Harriet Powell, Champion of Pollinators
Pollinator Habitat at Casey Farm
The Plum Beach Garden Club is pleased to present an Award of Excellence to Harriet Powell for her dedication, leadership and activism in educating people about the plight of the pollinators and what each of us can do to restore their numbers.
Harriet began her interest in the pollinators during her tenure on the North Kingstown Ground Water Committee when she realized that improving the fate of pollinators, along with other wildlife, coincided with a number of goals to protect our water quality and quantity. As Chair of the Ground Water Committee, she encouraged the committee to discuss and publicize ways to help pollinators while protecting our water supply.
Specifically, lawns of turf grass need a great deal of water and provide zero food for pollinators. Adding shrubs, flowers and other plantings, hopefully native, could raise the amount of pollinator food to a level above zero and help pollinators survive. Other helpful strategies to conserve water and support pollinators include letting the lawn grow to at least 3 inches before mowing, over seeding with clover and allowing an occasional dandelion.
Harriet was also active in the passing of two pollinator-friendly proclamations by the North Kingstown Town Council. And she initiated talks with the Plum Beach Garden Club which led to the forming of a group called the Pollinator Rescue Project which joined together the PBGC, the Ground Water Committee, Casey Farm and other groups, such as the Boy and Girl Scouts, and individuals to establish and maintain a pollinator friendly garden at Casey Farm, aided by a grant from Feed a Bee.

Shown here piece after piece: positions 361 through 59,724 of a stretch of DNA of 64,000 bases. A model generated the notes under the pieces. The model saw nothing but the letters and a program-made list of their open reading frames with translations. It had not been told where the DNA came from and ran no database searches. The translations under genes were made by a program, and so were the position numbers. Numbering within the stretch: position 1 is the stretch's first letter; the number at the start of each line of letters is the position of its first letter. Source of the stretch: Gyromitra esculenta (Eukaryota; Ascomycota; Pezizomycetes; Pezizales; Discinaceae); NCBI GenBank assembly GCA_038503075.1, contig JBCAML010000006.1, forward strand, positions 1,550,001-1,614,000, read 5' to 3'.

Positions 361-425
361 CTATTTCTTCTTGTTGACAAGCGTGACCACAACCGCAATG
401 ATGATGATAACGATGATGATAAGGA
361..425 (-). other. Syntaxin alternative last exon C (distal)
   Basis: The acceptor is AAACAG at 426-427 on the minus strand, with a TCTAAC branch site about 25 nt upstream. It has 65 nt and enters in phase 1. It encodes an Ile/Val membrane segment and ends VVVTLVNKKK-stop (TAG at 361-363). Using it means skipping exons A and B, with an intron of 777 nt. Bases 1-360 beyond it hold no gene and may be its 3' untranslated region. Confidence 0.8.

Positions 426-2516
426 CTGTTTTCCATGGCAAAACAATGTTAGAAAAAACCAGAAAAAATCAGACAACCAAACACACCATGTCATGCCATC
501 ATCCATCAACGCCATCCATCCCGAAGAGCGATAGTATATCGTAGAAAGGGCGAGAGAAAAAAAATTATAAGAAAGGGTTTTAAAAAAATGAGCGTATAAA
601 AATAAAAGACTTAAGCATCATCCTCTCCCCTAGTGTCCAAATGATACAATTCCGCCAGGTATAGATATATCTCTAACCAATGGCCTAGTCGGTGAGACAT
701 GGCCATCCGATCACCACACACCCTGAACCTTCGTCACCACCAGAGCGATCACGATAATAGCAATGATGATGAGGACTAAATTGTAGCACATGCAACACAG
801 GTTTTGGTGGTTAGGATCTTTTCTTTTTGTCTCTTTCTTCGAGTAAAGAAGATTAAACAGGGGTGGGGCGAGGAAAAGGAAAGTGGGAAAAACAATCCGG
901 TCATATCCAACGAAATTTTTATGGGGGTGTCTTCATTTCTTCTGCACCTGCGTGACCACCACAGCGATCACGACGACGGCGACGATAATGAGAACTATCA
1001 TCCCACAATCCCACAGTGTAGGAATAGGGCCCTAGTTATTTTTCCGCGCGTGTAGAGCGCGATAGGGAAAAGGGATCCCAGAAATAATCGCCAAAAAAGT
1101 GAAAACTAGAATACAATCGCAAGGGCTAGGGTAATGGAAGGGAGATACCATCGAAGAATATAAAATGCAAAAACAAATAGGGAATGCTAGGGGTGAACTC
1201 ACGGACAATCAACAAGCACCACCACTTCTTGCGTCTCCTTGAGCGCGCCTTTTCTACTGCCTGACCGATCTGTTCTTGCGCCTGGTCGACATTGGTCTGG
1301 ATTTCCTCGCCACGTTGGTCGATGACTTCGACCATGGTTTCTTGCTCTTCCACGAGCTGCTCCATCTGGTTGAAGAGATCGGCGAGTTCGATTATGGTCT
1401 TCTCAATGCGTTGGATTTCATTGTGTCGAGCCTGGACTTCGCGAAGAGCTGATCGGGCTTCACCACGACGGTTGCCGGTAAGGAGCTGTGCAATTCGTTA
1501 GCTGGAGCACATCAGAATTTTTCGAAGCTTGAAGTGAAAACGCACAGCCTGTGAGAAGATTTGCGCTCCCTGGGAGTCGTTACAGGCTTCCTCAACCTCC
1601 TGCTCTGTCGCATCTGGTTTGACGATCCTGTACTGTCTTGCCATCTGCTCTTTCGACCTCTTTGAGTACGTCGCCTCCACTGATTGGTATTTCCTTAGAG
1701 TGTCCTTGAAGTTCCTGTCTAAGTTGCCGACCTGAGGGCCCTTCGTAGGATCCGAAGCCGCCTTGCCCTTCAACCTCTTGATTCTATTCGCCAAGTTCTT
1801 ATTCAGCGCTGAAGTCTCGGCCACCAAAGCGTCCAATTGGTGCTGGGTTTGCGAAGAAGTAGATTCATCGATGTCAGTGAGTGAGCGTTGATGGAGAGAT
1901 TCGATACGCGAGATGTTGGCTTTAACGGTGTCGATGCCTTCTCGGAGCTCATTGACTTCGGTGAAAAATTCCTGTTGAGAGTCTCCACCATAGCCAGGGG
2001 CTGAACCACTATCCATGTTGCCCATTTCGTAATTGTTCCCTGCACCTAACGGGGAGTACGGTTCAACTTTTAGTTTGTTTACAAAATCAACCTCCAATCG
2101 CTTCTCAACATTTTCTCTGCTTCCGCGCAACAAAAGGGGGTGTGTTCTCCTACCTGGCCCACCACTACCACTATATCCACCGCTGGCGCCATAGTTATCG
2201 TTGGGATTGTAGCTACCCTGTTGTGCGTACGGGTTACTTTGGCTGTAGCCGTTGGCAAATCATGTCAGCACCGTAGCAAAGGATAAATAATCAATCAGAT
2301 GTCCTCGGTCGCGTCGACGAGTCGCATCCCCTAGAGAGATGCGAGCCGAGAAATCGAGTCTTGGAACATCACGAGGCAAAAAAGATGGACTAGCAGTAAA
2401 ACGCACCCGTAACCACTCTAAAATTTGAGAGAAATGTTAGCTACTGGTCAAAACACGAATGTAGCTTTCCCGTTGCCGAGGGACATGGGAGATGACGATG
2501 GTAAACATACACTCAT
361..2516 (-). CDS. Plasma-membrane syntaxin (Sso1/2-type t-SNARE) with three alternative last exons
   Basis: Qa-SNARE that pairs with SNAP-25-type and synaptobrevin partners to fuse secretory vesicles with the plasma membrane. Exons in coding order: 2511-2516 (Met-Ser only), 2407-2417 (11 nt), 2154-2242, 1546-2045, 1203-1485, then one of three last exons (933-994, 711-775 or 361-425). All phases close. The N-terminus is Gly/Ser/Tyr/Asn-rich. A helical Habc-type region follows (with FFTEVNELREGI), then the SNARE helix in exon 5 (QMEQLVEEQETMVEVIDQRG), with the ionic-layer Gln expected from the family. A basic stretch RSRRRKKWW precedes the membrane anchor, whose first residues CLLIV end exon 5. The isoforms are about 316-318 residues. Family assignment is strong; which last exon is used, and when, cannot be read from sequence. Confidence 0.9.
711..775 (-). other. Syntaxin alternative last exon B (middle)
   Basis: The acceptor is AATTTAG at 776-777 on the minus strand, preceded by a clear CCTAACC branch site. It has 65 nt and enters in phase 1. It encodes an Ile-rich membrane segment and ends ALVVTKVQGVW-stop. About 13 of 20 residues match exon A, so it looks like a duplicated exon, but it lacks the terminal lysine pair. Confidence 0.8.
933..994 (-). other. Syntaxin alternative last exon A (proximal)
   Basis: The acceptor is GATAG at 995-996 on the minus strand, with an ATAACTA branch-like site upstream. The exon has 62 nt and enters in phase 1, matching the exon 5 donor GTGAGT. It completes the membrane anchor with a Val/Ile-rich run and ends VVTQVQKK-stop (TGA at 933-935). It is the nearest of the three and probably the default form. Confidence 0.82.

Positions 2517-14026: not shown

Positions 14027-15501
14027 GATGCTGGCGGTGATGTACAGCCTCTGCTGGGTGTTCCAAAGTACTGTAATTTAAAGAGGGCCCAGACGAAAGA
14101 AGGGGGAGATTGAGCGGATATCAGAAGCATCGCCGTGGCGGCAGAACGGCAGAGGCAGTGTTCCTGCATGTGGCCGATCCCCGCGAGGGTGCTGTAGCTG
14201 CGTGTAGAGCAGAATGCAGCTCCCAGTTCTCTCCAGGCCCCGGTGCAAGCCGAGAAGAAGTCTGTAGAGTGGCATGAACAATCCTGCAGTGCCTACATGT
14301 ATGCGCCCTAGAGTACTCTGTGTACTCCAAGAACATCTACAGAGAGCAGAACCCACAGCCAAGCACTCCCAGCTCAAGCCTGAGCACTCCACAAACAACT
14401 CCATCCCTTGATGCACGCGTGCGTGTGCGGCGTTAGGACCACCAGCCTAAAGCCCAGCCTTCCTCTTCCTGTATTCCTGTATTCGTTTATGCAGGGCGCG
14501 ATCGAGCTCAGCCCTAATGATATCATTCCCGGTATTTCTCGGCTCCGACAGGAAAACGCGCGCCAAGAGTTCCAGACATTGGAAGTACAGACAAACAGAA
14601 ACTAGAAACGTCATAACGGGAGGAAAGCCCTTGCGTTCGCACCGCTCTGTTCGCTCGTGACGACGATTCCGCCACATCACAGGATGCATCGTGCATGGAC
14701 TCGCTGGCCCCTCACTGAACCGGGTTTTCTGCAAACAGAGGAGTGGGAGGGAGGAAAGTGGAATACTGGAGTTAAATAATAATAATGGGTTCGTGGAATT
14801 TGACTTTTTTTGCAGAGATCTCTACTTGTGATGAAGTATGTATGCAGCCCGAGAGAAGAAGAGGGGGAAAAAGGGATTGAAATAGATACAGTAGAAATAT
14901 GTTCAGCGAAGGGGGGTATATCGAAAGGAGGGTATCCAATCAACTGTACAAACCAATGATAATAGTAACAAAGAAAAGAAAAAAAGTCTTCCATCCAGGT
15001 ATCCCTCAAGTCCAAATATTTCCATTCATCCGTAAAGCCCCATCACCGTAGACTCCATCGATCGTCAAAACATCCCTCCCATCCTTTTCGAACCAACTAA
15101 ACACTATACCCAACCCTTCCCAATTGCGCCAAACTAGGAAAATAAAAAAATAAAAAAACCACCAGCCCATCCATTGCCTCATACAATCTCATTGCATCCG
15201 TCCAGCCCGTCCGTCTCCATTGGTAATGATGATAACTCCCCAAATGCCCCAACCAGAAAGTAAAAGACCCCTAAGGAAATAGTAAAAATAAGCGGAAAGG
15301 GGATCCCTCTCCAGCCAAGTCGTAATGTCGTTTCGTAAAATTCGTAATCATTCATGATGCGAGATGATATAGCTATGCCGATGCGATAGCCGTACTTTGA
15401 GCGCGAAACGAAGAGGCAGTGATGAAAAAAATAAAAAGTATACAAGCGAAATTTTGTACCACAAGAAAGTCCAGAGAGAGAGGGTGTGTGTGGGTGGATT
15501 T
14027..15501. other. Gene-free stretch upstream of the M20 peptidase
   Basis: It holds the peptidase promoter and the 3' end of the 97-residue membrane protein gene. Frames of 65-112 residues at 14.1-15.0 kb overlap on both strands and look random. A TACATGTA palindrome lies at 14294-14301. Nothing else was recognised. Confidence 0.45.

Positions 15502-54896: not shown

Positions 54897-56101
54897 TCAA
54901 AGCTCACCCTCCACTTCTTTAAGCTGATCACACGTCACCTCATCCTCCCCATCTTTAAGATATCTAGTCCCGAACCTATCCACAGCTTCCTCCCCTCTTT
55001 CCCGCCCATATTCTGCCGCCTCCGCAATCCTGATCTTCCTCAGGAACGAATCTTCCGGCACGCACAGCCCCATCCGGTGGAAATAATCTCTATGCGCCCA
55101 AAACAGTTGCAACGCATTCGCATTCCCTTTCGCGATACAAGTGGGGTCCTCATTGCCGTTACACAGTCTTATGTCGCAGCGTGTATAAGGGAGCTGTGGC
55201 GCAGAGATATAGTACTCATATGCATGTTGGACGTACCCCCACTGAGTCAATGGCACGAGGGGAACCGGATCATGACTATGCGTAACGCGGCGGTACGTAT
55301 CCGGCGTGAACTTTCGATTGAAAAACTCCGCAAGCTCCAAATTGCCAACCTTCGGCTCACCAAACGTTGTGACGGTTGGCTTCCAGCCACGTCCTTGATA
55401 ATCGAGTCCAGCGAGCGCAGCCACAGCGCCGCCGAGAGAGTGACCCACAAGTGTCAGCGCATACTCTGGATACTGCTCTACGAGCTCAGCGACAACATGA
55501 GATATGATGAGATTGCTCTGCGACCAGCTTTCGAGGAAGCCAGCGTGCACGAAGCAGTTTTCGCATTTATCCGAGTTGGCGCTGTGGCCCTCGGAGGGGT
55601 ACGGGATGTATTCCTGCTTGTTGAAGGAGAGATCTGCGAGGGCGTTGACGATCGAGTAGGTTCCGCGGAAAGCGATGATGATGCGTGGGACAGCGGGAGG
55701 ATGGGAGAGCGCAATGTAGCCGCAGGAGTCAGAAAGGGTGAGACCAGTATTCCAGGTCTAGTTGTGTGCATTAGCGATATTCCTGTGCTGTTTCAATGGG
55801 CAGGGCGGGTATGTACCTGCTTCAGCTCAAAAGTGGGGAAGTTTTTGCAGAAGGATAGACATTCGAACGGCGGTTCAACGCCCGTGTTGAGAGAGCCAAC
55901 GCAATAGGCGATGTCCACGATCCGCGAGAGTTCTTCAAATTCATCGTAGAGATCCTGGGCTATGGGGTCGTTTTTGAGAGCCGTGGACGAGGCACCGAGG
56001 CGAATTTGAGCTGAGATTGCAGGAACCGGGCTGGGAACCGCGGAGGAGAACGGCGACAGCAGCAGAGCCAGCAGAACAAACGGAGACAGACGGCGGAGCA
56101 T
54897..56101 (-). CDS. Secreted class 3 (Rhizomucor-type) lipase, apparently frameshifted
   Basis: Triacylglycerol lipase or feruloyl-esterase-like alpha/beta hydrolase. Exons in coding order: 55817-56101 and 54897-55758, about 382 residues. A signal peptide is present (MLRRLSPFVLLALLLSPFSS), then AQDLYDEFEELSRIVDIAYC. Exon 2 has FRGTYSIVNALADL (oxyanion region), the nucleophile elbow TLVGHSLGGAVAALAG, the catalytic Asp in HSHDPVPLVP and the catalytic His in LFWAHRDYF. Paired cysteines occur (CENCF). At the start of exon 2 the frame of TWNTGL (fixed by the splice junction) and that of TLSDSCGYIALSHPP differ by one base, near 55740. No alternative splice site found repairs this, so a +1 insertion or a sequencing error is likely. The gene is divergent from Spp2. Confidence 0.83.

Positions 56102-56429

Harriet Powell has been a leader in the North Kingstown fight to educate our community about the plight of pollinators and to actively take steps to increase pollinator access to pollinator friendly plants.
In 2016, Plum Beach Garden Club, in partnership with Pollinator Rescue Project RI, began the creation of a pollinator friendly garden at Casey Farm. PBGC member Carol Gjelsvik, pictured above center, gathered a team to prepare the site and begin the planting.
As evidenced by the slideshow below, the garden has evolved over the years and is an fine example of how a pollinator garden can be beautiful and also serve great environmental purpose. All are invited to visit.
The link above will take you to a website with extensive information for all levels of interest in the topic of pollinators ... including classroom educational materials, posters, pamphlets, and more.
June 2020 ...
Bees are very effective pollinators -- hairs all over their body attract pollen through electrostatic forces.